It is now official. Syria has confirmed that it did shoot down a Turkish F-4 jet yesterday. Turkey promises to "determinedly take necessary steps" in response.
Digital Journal reported yesterday on the shooting down of a Turkish F-4 Phantom jet by Syrian forces. At that stage, nothing was completely confirmed.
According to Prime Minister Recep Tayyip Erdogan, he could not confirm whether the plane had been shot down or had crashed. He also could not confirm reports that Syria had apologized for downing the jet.
Syrian state news agency, SANA, reported that according to a Syrian military spokesman, an unidentified aerial object violated the country's airspace and was shot down by anti-aircraft artillery. The aircraft crashed into Syrian territorial waters west of Om al-Tuyour village in Lattakia province, 10 kilometers from the beach.
The spokesman added that the aircraft turned out to be a Turkish fighter jet, and was "dealt with in accordance with Syrian law."
The spokesman further stated that Turkey and Syria had started a joint coordinated naval rescue operation.
After a two hour meeting with members of the cabinet and the military, the office of Turkish Prime Minister Recep Tayyip Erdogan issued a statement that Syria was responsible for the downed jet.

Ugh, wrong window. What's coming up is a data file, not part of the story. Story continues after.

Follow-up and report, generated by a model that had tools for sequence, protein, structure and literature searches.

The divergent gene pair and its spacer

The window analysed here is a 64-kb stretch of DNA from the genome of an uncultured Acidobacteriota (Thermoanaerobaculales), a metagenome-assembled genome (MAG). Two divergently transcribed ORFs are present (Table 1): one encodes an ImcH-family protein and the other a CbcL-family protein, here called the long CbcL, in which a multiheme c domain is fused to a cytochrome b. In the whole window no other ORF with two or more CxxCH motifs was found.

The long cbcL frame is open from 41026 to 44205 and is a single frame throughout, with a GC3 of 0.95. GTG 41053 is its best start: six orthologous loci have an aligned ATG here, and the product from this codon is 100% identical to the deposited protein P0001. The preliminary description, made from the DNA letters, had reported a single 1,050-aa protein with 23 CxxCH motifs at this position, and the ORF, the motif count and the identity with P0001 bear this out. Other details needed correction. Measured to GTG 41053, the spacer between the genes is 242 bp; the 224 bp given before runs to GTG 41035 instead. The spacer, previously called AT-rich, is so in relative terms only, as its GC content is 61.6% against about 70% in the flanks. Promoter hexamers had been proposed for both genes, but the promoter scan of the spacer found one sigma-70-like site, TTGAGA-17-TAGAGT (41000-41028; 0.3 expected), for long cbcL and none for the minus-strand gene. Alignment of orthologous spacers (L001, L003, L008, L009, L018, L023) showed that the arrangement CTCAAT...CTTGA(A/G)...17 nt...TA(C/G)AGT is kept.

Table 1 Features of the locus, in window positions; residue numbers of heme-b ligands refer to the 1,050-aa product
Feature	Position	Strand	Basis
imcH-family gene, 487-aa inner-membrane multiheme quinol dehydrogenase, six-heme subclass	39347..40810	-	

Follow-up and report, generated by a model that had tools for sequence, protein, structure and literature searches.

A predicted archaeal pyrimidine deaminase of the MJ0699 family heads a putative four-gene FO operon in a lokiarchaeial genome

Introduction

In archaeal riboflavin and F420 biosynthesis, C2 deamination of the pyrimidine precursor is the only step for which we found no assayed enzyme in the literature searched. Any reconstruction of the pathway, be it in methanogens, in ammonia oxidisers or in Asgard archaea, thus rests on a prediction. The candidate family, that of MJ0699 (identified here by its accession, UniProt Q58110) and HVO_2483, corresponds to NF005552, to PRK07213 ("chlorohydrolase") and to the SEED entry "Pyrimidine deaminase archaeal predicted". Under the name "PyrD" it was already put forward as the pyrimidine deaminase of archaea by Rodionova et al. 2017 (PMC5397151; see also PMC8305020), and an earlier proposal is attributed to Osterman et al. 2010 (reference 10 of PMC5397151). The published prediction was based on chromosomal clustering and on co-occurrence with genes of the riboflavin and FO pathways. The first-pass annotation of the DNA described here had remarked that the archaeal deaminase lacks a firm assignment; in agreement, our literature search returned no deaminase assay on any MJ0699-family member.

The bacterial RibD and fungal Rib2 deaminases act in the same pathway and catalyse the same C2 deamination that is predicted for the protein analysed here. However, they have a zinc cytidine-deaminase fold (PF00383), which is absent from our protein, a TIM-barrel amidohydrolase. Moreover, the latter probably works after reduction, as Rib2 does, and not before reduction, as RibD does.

"As a result of information obtained from the evaluation of our concerned institutions and from within the joint search and rescue operations with Syria, it is understood that our plane was brought down by Syria," the office stated.
According to Reuters, the statement reads, "Turkey will present its final stance after the incident has been fully brought to light and decisively take the necessary steps."
The statement further said that a search and rescue operation for the missing aircraft parts is still underway. Turkish state television reports that rescuers have already found an ejector seat and a parachute in the water, but no signs of the plane itself.
There are still conflicting reports over the fate of the aircraft's pilots, with Syrian sources stating they had been captured, and Turkish media reporting that they had been rescued.
According to the BBC's Istanbul correspondent, Jonathan Head, with the recent breakdown in relations between Turkey and Syria over the Syrian conflict, this incident is likely to provoke a serious crisis. He says that much will depend on whether or not the Turkish pilots have survived. If they have not, public anger might push the Turkish government into some kind of punitive action against Syria.
This article will be updated as soon as confirmed news is received as to the fate of the two pilots.